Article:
Murdoch hack, Troy Bramston (is he related to Mavis?), starts off his latest ‘kill Bill’ rant in The Australian with saying that the Australian Labor Party’s (ALP) central mission statement is “to implement the socialist objective”. He mentions assorted plans to have committees to review this objective, and how nothing was ever done. This ‘socialist objective’ comes from 1921, nearly a century ago1, over twenty years before the Liberal party existed. This objective dates from a more radical time in the ALP’s history, when it was responding to a period of industrial unrest and economic uncertainty following the First World War. Even then, the commitment to the “nationalisation on banking and all principle industries” was watered down to suggest that its objective was the “democratic socialisation of industry, production, distribution and exchange, to the extent necessary to eliminate exploitation and other anti-social features in these fields”2.
Modern ALP politicians argue that a healthy private sector is essential for economic growth and employment and that capitalism is not inherently exploitative [it is], and that basic government regulation, effective industrial relations legislation, and active unions, rather than nationalisation is all that is needed to prevent exploitation. In addition, it is well over half a century since the Chifley government unsuccessfully attempted to nationalise an industry (the banks); the last time the ALP attempted to nationalise anything. Indeed, Chifley attempted this nationalisation because he considered the banks were resisting stimulus policies and were not adequately funding the development of the manufacturing industry. Apart from the banks, Chifley was very supportive of private industry, especially in manufacturing2.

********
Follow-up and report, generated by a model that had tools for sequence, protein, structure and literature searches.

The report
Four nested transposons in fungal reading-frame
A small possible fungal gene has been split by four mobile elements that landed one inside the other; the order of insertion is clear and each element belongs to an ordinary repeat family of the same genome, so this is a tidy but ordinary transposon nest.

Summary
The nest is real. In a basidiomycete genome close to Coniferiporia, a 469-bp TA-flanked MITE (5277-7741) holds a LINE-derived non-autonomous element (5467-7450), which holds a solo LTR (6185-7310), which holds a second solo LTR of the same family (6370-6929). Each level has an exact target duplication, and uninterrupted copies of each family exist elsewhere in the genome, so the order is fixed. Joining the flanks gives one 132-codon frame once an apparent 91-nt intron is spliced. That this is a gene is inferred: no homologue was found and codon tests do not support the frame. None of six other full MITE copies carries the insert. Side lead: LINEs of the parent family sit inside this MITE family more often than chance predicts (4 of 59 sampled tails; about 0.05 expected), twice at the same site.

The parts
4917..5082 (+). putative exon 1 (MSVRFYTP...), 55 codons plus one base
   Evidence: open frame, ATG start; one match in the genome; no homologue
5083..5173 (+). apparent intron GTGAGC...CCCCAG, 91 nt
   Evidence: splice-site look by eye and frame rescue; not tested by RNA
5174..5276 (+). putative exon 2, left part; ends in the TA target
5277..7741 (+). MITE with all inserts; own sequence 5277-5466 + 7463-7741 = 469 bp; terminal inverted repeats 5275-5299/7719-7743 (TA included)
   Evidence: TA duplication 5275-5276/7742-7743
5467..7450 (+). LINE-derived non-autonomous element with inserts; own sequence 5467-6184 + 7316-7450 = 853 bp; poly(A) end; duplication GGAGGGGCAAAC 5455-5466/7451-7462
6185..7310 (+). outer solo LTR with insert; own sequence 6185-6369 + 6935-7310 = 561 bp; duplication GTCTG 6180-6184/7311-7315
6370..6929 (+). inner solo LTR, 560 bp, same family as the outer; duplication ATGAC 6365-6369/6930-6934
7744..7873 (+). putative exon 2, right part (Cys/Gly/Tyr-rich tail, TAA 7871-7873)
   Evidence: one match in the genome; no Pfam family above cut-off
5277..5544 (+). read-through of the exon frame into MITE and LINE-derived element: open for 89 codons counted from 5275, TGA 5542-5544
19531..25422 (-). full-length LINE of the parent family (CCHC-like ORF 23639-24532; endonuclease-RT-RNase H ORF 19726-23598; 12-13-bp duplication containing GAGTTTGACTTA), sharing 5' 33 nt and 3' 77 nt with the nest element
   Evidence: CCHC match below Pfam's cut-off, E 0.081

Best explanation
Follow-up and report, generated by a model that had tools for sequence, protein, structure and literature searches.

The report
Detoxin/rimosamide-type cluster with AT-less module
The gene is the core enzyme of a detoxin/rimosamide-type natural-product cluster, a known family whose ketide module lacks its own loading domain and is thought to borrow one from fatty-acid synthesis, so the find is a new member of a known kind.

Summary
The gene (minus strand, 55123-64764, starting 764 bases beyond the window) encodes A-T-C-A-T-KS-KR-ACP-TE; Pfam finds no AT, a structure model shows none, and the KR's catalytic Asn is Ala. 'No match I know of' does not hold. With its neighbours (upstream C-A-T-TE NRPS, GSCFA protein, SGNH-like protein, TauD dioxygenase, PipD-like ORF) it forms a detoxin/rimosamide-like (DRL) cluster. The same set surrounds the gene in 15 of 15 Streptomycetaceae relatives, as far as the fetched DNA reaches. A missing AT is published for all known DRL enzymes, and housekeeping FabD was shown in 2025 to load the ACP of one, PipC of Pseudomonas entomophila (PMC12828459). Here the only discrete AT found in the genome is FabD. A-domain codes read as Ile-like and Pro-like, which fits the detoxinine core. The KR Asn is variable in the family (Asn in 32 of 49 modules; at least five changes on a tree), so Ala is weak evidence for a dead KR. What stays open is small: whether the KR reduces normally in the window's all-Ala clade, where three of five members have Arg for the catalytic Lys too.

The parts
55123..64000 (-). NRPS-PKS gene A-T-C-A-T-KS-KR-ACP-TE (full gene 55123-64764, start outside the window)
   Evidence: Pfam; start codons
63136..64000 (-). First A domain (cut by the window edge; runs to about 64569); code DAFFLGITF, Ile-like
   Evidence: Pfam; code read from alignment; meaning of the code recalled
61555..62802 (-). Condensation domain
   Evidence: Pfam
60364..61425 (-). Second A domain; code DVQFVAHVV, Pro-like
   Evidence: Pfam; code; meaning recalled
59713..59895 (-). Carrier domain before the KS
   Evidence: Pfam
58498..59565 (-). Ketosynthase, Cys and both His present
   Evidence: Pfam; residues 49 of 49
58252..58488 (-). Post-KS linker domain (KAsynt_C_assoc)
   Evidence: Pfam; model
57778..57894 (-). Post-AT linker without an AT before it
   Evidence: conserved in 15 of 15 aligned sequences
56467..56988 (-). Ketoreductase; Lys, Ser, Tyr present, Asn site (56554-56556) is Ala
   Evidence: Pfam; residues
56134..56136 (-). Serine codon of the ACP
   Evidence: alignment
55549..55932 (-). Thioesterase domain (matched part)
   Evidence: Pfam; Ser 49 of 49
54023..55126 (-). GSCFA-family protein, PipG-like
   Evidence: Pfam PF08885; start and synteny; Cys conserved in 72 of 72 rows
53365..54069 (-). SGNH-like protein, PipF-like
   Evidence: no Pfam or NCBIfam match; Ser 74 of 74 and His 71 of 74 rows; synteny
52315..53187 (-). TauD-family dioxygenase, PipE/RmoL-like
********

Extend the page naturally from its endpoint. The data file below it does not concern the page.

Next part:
The Whitlam government did not attempt to nationalise any industries, nor did the Hawke and Keating governments. Indeed, the latter governments introduced economic rationalist policies with the support of the trade union movement and actually increased private profits by trading off real wage increases in exchange for providing superannuation, education and welfare benefits. The Rudd and Gillard governments both saw a healthy private sector as having a crucial role to play in the economy. Both saw the ALP as being a modern social democratic party2.
It shows you the depths to which the Murdoch press will sink to try to ‘kill Bill’. Dragging up something from nearly a century ago, which has been shown to be largely irrelevant for a modern social democratic party, is typical of the Murdoch press. One could just as easily compare Menzies’ 1942 ‘forgotten people’ speech with the modern ethos of the Liberal Party, given that he was its founder. In this speech, Menzies said that the backbone of the nation was the middle class, while the rich could look after themselves, and the unskilled people were well organised with wages and conditions safeguarded by popular law3. That sounds very much unlike the modern Liberal Party. In fact it sounds more like the modern Labor Party. So, despite the Labor Party ignoring its 1921 ‘socialist objective’ for at least the last 70 years, and being more akin to Menzies’ party than the modern Liberal Party, which is the party of right wing predatory capitalism, Troy Bramston writes this drivel. He is pathetic.